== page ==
I remembered end-of-term boxes of fine confectionery, delivered in person by that glamorous mother, for classmates and teachers to gorge themselves on. Marie, slender and aloof, would hang back looking bored as everybody devoured the goodies.
“Merton’s Quality Chocolates,” Marie continued, as though reading my thoughts. “A great way to make a fortune, persuading people to spend their hard-earned money on something to make them fat and ill.” She turned to look at me. “You know, Anne, I always wished I could be more like you, talented and independent. You’ve done something meaningful with your life. I hope those kids you teach appreciate you.”
She was being serious: Marie Merton, peak of perfection, envied me. It was bewildering. Were we, this Marie, this me, the same people as those girls of yesteryear? Who were those girls? Why didn’t we know ourselves and each other better back then? And who were we now, really? There was something Marie was keeping quiet about and I was curious to see whether she was going to open up. I decided to throw her a line. “Actually, I’ve been off work for a while. Bit of an issue with my health, but back on track now.”
Did I discern a quick frown, the briefest clenching of the jaw? But she remarked lightly, “Oh dear! Old age comes to us all, doesn’t it?” She waved her rather stylish reading glasses gaily in the air. “We all need a little support eventually, eh?” Then she put the glasses on, leaned over and picked up my book. “What are the literati reading these days anyway? Anything you can recommend?”
At pool time the next afternoon I had a dilemma. I took out my other new swimsuit and held it up for appraisal: emerald green and improbably, against all the odds, exactly the same model as Marie’s. But would it look as good on me as it did on her? And would it be horribly embarrassing for her if we turned up at the pool wearing the same thing? Surely we could handle the situation as grown women? But that wasn’t all: the thing is, our swimsuit held a secret.
“The cream and the emerald green both look stunning on you,” the sales lady had assured me. “Nobody would ever know.”
I’d never paid anywhere near as much for a swimsuit in my life. But now the time had come for something out of the ordinary, something more exclusive, something not every second woman was wearing. There’s nothing like a malignant growth gnawing at a sensitive part of your anatomy as well as at your self-esteem to make you rethink your swimwear choices: one-piece from now on, and not just any old thing from the chain store. No, only a very special garment designed to conceal the damage done by the surgeon’s knife would do.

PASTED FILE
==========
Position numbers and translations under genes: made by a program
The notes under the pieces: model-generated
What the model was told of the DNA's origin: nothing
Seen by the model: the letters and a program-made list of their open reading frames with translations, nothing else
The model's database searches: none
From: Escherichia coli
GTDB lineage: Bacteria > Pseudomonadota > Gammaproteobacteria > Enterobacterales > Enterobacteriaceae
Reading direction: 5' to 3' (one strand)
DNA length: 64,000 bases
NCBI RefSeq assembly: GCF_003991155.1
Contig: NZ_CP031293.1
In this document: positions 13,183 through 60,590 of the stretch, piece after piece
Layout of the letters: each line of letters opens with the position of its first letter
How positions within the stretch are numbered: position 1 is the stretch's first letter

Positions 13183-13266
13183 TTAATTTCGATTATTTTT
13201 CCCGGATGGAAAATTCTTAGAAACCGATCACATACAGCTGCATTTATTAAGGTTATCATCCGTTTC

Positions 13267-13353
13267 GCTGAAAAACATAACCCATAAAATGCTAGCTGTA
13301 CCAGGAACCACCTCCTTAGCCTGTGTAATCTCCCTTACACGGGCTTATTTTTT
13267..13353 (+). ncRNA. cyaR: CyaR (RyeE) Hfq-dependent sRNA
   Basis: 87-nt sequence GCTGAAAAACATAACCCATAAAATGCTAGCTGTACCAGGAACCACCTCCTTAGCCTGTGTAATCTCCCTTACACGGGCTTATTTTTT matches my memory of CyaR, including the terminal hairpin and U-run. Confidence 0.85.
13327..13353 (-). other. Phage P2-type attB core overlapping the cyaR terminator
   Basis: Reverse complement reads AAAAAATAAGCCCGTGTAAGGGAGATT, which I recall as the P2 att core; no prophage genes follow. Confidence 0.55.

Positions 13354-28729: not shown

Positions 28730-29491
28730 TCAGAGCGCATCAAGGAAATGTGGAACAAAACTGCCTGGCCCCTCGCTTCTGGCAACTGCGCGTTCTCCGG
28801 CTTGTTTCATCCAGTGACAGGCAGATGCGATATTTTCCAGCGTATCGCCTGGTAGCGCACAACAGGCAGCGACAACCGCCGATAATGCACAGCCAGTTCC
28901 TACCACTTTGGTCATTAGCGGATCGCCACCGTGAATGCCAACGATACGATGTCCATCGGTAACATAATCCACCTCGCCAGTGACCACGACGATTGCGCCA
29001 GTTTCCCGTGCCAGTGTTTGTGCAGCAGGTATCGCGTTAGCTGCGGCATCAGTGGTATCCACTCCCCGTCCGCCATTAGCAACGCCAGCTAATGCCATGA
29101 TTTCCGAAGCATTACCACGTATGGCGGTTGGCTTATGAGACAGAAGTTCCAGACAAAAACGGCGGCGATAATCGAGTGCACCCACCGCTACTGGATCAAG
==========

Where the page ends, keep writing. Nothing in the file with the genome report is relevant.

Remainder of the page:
My mind was made up: Marie and I had something in common at last and I wanted her to acknowledge it. When I got to the pool in my green swimsuit, feeling slightly nervous, Marie was already there, and wearing hers again. She waved when she spotted me and nodded towards the lounger beside her. “Kept it free for you,” she said, then lay back and closed her eyes with a smile. Her composure astonished me. The cat was out of the bag: she knew now that I knew her secret and she knew that her secret was also mine. Yet, typical Marie, she was as cool as a cucumber. I placed my glasses and book beside hers on the little table between the loungers, spread out my towel and lay down.
Minutes went by. I wanted to say something but felt tongue-tied, as so often with Marie in the past. Suddenly I was ashamed of my behaviour. Why had I played this childish game? Couldn’t I have been discreet enough just to stick to the cream swimsuit and let Marie keep her secret? What was I trying to prove – that she was flawed too, no better than me after all? All at once, Marie opened her eyes and glanced across. I hadn’t known she could smile so warmly.
“By the way, you have excellent taste in swimwear, Anne. That one you had on yesterday - believe it or not, I’ve got it too, in red. Nice to have a contrast, isn’t it? And they do work, these swimsuits, don’t they? Nobody would ever know.”
So this was the new Marie: sensitive and kinder than me. I returned her smile. The stories of how we came to be who we had become would be told, all in good time. For now we would just relax in companionable silence. In the plate glass window our reflections hovered against the gently bending pine trees outside. We were almost a mirror image of each other: identical loungers, towels, swimsuits, linked by the little table with our books and glasses in between.

Lucy Bauer